Crimps Cub?

Ron Niebrugge Alaska, Lake Clark, Photos, Travel 1 Comment

Young sub-adult walking towards us.

This is one of those special moments that seem to happen throughout my bear trips – moments I’ll likely never forget, and what make each trip special and unique.

This young sub adult was feeding on the sedges in the meadow near the lodge. We decided to walk out and get a closer look and to make photographs. To avoid the heat, thanks to Alaska’s crazy hot summer this year, we decided to sit in the shade provided by a nearby “tree island”. Not long after sitting down the young bear started walking towards us, leaving any possible food source behind. That always gets your attention a little bit. The young bear reached the edge of the same tree shadow we were sitting in, and non-nonchalantly laid down in very close proximity to us. Even crossing its paws, which is a sure sign it didn’t feel threatened. The young bear then laid its head on its paws and relaxed, obviously very comfortable in our presence.

Some of my repeat guests immediately started wondering if this wasn’t one of crimps cubs. Crimp is a very popular sow who’s cubs were now on their own for the first time this summer. These are cubs I have watched grow up over the years from spring cubs, to now sub-adults out on their own for the first time. Without a specific marking like their mom’s crimped ear, there is no way of knowing if this really was one of crimps cubs, but given its behavior, I sure like to think so. 🙂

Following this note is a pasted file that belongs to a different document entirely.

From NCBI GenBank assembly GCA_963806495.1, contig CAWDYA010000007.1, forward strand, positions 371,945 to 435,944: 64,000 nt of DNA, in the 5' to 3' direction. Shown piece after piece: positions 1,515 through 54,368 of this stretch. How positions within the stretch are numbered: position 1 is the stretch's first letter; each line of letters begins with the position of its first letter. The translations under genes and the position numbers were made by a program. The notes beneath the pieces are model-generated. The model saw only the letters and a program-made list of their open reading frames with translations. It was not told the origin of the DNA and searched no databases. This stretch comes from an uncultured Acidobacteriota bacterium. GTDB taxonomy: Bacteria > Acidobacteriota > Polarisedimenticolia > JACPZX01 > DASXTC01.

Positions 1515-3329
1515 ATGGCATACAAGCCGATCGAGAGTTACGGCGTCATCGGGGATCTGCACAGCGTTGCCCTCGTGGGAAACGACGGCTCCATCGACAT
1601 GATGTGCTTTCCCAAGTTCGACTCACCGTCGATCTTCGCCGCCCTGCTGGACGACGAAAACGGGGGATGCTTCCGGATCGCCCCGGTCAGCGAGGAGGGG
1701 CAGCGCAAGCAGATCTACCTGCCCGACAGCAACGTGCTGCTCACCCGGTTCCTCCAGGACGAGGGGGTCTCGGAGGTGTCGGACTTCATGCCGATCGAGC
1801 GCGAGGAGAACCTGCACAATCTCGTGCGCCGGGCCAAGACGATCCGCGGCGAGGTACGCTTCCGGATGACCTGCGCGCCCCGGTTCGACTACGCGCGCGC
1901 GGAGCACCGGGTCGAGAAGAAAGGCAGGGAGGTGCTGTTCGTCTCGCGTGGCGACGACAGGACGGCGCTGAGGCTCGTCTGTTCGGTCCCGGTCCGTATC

Given Crimps busy activity with the boars this spring, I would say it is very likely she will have another set of spring cubs this upcoming spring, and the amazing cycle will begin again. I’m already looking forward to the spring!

The young bear laying down just inside the tree shade.
So special to be so close to such beautiful animals.

Play Time!